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Climate warming enhances multiple ecosystem C fluxes, but the net impact of changing C fluxes on soil organic carbon (SOC) stocks over decadal to centennial time scales remains unclear. We investigated the effects of climate on C fluxes and soil C stocks using space-for-time substitution along a boreal forest climate gradient encompassing spatially replicated sites at each of three latitudes. All regions had similar SOC concentrations and stocks (5.6 to 6.7 kg C m−2). The three lowest latitude forests exhibited the highest productivity across the transect, with tree biomass:age ratios and litterfall rates 300 and 125% higher than those in the highest latitude forests, respectively. Likewise, higher soil respiration rates (~55%) and dissolved organic C fluxes (~300%) were observed in the lowest latitude forests compared to those in the highest latitude forests. The mid-latitude forests exhibited intermediate values for these indices and fluxes. The mean radiocarbon content (Δ14C) of mineral-associated SOC (+9.6‰) was highest in the lowest latitude forests, indicating a more rapid turnover of soil C compared to the mid- and highest latitude soils (Δ14C of −35 and −30‰, respectively). Indicators of the extent of soil organic matter decomposition, including C:N, δ13C, and amino acid and alkyl-C:O-alkyl-C indices, revealed highly decomposed material across all regions. These data indicate that the lowest latitude forests experience accelerated C fluxes that maintain relatively young but highly decomposed SOC. Collectively, these observations of within-biome soil C responses to climate demonstrate that the enhanced rates of SOC loss that typically occur with warming can be balanced on decadal to centennial time scales by enhanced rates of C inputs.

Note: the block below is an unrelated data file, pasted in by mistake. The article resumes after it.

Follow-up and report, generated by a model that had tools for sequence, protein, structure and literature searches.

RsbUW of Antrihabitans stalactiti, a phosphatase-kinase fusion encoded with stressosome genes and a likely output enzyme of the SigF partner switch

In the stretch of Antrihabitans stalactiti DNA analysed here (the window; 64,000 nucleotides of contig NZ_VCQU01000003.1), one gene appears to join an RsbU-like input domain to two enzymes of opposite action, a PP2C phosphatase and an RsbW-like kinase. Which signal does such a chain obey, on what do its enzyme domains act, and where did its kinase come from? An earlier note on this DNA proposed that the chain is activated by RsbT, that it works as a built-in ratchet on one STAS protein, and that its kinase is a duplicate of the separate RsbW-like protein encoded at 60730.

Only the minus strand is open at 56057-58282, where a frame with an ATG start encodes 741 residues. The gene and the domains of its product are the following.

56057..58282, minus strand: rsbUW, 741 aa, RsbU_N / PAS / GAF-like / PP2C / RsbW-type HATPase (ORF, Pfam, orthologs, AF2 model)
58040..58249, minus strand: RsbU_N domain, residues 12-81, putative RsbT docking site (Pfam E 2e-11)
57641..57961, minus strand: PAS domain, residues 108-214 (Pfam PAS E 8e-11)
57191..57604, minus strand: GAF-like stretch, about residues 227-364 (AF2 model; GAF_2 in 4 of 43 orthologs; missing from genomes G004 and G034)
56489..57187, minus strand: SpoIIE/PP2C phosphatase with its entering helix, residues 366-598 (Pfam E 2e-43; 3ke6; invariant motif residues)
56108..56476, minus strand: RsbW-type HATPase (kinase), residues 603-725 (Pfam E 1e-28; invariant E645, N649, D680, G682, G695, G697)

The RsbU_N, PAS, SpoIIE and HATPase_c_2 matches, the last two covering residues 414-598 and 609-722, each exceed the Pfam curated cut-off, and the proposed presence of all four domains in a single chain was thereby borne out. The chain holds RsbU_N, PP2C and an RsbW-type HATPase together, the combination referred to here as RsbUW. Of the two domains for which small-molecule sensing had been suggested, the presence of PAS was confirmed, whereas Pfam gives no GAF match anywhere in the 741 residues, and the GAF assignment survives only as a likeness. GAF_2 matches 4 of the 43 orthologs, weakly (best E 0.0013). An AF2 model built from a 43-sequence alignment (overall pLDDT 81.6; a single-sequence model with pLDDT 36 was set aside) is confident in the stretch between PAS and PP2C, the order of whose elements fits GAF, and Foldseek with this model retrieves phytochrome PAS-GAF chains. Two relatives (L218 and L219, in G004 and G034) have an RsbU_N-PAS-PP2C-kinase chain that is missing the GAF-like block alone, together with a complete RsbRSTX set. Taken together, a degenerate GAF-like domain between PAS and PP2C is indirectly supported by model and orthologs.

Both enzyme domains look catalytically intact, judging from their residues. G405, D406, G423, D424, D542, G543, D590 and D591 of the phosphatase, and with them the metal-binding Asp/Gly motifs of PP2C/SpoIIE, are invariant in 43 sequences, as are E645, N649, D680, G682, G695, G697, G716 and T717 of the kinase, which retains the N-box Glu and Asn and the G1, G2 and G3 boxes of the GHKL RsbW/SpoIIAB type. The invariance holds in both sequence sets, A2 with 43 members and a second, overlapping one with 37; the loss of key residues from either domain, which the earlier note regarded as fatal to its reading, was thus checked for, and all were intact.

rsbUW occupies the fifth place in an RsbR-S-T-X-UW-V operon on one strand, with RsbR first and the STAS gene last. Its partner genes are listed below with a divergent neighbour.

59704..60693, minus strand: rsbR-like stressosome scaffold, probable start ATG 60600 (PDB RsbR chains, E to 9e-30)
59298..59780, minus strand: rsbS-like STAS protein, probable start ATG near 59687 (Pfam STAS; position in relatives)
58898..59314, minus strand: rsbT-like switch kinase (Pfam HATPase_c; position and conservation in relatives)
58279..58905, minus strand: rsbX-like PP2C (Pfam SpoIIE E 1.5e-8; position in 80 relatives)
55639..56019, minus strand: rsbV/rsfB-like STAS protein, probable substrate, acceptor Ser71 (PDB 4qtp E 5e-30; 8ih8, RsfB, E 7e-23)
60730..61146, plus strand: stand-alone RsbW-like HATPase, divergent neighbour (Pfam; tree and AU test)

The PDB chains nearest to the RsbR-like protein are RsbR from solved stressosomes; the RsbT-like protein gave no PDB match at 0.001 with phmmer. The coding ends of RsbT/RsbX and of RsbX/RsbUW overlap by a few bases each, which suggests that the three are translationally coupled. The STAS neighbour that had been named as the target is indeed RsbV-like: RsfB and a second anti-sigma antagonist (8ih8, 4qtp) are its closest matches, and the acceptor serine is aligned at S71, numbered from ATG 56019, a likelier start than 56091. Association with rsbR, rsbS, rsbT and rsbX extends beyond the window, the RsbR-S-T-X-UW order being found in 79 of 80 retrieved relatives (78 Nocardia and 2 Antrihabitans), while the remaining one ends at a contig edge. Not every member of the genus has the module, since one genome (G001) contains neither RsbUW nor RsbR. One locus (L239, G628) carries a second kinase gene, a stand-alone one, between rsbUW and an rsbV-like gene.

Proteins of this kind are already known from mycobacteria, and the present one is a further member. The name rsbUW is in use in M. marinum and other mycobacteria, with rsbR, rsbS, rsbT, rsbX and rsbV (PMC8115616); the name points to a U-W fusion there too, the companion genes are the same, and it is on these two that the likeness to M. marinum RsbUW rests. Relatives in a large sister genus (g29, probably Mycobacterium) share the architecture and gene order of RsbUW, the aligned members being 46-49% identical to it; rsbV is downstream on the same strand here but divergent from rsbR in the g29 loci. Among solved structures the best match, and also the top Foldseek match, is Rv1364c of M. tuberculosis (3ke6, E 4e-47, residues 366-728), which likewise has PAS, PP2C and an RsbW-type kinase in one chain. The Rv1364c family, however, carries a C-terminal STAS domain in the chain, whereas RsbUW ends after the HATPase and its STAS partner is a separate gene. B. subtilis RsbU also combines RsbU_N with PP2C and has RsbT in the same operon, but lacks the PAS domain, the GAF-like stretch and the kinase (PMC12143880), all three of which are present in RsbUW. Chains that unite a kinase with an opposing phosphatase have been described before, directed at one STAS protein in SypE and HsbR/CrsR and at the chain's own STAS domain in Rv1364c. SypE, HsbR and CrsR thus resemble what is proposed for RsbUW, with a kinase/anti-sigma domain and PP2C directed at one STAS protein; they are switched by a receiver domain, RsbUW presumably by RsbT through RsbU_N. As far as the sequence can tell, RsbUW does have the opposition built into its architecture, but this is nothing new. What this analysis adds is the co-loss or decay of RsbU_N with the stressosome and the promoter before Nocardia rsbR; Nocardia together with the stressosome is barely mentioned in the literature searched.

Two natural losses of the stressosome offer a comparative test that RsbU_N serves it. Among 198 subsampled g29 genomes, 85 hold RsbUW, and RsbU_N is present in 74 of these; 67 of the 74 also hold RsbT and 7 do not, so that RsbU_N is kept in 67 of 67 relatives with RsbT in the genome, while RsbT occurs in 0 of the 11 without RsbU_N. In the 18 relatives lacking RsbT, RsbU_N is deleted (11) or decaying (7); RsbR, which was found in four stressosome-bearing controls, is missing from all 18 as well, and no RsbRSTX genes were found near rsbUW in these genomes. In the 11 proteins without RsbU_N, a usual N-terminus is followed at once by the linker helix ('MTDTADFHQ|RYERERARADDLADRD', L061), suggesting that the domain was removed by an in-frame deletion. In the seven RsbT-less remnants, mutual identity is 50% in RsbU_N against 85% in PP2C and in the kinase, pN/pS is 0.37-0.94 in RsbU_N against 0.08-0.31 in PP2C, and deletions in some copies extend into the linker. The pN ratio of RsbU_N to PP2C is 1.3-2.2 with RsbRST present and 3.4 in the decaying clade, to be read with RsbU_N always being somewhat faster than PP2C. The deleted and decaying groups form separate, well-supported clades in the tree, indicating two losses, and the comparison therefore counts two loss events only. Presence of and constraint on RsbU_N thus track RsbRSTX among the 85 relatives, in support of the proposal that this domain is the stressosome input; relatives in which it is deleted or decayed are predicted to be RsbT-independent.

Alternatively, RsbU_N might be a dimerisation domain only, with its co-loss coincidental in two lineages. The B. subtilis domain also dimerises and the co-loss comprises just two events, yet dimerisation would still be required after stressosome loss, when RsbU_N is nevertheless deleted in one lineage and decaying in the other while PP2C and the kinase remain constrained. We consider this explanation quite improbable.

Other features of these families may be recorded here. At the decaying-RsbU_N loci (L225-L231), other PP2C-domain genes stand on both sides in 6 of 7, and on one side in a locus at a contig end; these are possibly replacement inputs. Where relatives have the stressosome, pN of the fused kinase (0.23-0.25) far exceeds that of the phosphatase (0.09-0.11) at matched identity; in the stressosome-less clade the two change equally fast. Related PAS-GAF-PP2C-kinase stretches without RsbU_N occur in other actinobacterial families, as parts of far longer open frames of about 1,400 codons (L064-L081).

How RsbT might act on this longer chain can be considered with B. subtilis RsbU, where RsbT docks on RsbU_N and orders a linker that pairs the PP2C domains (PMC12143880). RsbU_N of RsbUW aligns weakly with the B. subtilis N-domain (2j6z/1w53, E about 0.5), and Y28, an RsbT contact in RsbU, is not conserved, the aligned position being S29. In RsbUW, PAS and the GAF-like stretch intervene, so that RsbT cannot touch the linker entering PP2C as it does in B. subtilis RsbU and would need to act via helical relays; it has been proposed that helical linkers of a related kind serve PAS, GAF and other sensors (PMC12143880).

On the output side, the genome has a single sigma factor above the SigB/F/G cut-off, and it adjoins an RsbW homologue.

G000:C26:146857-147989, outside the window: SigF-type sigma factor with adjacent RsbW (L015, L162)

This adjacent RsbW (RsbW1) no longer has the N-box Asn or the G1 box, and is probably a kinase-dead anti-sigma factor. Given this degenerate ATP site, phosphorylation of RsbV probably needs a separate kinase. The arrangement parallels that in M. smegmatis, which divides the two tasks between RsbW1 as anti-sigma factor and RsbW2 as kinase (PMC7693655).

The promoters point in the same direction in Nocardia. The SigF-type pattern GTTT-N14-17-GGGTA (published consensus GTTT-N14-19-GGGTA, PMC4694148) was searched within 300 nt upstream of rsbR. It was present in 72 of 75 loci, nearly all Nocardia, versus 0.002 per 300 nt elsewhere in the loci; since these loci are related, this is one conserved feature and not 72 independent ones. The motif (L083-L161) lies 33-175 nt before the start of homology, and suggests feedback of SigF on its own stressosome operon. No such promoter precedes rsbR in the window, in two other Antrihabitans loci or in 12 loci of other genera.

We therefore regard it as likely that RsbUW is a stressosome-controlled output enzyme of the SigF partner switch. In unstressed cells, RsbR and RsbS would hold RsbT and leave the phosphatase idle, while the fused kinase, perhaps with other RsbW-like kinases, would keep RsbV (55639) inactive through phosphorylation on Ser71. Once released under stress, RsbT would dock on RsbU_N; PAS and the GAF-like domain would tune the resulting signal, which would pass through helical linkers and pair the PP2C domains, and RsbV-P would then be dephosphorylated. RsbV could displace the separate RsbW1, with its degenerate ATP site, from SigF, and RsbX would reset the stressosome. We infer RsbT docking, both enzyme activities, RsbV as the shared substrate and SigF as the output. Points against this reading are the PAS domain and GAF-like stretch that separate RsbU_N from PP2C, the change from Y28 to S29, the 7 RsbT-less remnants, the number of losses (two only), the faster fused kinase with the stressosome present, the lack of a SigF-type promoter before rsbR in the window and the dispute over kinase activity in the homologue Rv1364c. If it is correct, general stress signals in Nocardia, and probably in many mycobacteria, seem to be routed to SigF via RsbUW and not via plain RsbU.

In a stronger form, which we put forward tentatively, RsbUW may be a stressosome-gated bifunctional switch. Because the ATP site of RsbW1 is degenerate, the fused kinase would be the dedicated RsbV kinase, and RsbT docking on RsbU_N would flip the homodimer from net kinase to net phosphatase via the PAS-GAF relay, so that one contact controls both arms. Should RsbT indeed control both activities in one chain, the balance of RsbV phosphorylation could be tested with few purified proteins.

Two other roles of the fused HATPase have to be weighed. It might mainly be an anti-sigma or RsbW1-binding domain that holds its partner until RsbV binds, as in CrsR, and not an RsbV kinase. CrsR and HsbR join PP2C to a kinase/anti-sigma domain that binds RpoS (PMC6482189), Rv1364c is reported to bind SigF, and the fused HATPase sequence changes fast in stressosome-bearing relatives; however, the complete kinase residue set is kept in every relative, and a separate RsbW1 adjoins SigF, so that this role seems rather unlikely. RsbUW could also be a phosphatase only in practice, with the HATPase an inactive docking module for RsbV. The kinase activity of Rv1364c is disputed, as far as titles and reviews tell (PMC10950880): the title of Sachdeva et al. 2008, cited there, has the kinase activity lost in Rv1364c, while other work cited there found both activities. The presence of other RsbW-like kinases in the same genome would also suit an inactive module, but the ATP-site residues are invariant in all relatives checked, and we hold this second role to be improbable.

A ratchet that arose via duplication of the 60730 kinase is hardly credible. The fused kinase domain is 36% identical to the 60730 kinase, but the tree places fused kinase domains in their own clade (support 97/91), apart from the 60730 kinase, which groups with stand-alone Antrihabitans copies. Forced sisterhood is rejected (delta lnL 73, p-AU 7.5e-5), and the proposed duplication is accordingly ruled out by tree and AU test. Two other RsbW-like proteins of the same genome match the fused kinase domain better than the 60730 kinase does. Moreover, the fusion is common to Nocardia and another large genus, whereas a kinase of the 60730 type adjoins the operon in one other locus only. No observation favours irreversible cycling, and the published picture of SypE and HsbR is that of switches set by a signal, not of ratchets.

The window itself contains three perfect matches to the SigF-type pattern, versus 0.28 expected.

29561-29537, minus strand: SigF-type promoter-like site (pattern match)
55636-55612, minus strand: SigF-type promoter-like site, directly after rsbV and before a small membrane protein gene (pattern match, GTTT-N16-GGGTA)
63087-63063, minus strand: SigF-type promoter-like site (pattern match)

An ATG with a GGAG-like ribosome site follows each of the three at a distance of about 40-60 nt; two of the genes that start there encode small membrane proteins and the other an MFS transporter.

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Ziegler, S. E., Benner, R., Billings, S. A., Edwards, K. A., Philben, M., Zhu, X., & Laganière, J. (2017). Climate warming can accelerate carbon fluxes without changing soil carbon stocks. Frontiers in Earth Science, 5.


© 2017 Ziegler, Benner, Billings, Edwards, Philben, Zhu and Laganière. This is an open-access article distributed under the terms of the Creative Commons Attribution License (CC BY). The use, distribution or reproduction in other forums is permitted, provided the original author(s) or licensor are credited and that the original publication in this journal is cited, in accordance with accepted academic practice. No use, distribution or reproduction is permitted which does not comply with these terms.